Here's what we know about the woman who was allegedly gang-raped in Gurgaon. She is 28-years old, married, and has a three-year old son and fifteen year old brother. She worked in a pub at the Sahara Mall, and there is some debate about exactly what her job entailed. She told the police that she was in charge of "seating arrangements," but the DCP Maheshwar Dayal told reporters that her job was to help single men enter the "couples only" pub.
The latest news breaking on the wires claims that while the medical test reveals rape, there is no evidence of gang rape.
Here's what we know about her attackers: there were six men who the victim claims knew her friend.
So what's wrong with this picture? Here's a clue: Section 228 A of the Indian Penal Code. India has one of the strongest rape shield laws in the world thanks to our Supreme Court which prohibits identifying the victim even in court judgments. Here's what the bench proclaimed back in 2006:
Keeping in view the social object of preventing social victimisation or ostracism of the victim of a sexual offence for which Section 228-A (of the Indian Penal Code) has been enacted, it would be appropriate that in the judgments, be it of this Court, or lower courts, the name of the victim should not be indicated.
As with so many of our laws, it is either routinely violated or reduced to a technicality in practice. The cops in Noida released the name of the victim in their press release, no less, claiming later that it was "a clerical mistake." Omar Abdullah had to offer an abject apology for releaasing the names of rape victims and their home addreses in the J&K legislature.
Even when the name is not released, news coverage of the case routinely violates the intent and spirit of the law. Media activists Sameera Khan and Kalpana Sharma point to the far-too-typical case of the rape of a foreign student in 2009:
In the TISS rape case, although the name of the victim was not reported, there was plenty of material that clearly revealed her identity. Details like the institution where she studied, the course she attended, her course supervisor, the hostel where she lived, name of her close friend, etc. These details identified the victim to those in her immediate environment and with whom she regularly interacted – precisely the people she did not want to be outed amongst. Was giving any of this information relevant?
Nope. These details make the headlines not because they are relevant but because they are sensational. They feed the relentless need to milk every rape story to its last eyeball-catching detail.
The news cycle in a rape story unfolds something like this. First comes the wire story with the barest details. By day two, the headlines are all about the actual circumstances of the crime, the identity of the victim, and inevitably, "inconsistencies" in her statements to the police. The attackers soon recede into anonymity, and its the victim who is front-and-centre, now unofficially on trial. What did she say? What does the evidence indicate? Did she do anything to "deserve" it?
Most of us who watch the news would agree this is reprehensible. So why does it happen, over and again?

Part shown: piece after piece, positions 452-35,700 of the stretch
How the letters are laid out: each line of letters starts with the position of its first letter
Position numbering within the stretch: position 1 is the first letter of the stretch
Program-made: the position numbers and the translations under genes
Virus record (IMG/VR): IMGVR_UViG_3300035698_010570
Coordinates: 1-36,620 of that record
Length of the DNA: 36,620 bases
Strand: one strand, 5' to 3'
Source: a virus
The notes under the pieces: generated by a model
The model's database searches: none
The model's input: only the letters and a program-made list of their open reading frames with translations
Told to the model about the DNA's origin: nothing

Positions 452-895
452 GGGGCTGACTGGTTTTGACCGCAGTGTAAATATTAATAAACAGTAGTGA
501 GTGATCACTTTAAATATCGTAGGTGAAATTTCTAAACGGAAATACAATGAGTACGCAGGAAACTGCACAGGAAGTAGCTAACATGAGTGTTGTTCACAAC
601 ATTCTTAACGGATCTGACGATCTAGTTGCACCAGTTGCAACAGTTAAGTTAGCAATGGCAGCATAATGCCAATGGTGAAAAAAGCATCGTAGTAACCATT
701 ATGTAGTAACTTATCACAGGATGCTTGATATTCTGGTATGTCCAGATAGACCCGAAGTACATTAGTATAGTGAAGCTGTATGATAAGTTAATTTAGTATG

We can start with the obvious culprits, ie the journalists who produce these stories. Are they all women-hating misogynists? Not quite, but they are middle class professionals working in a 24X7 news cycle, a beast that has to be continually fed. Any detail is a way to push the story forward, finer points of ethics be damned.
A news story is defined almost entirely by its sources, which in rape cases are primarily those associated with the investigation: the policemen, doctors, labs. Access to the victim is limited, and usually offered under duress, in reponse to negative coverage. As for the suspects, well, tracking them down is hard work, and who would want to mess the kind of men accused of gang-rape. As a colleague remarked, "There is a kind of fear in these cases" because the attackers are either wealthy and well-protected, or dangerous street thugs.
Besides, why venture into hazardous territory when chatty cops are eager to supply a wealth of information – however dubious – on and off record. Take, for instance, Noida superintendent of police Anant Dev who told reporters that the victim "willingly went" with the accused "because she wanted an alcohol party from the boys," helpfully adding, “She even mentioned she wanted vodka. She was involved in a physical relationship with more than one of the accused.”
As Ranjana Kumari, the director of the organisation Centre for Social Research, told the Hindustan Times, the Indian police are the “only force in the world” that directly blames the victim. Their first instinct is not to investigate the attack but to put the victim's charcter on trial.
Almost all the information "released" in the early days of the investigation seems designed to raise doubts about the victim – as opposed to identifying the attackers. We move quickly from "How awful she was raped" to wondering, "Maybe she is lying." It's one reason why Mamata Banerjee so easily dismissed the Kolkata rape case as a political conspiracy. The climate of skepticism created by the police sources was such that she thought she could get away with it.
What should make us pause is that this dynamic rarely plays out with other kinds of violent assault. The media rarely put the victim on trial if a man is beaten, maimed or killed. But with rape, it's always the woman who first has to prove that she is indeed a victim – and one worthy of sympathy and support. And each such case that makes the headlines sends a clear message to all future rape victims: the only guarantee of anonymity is silence.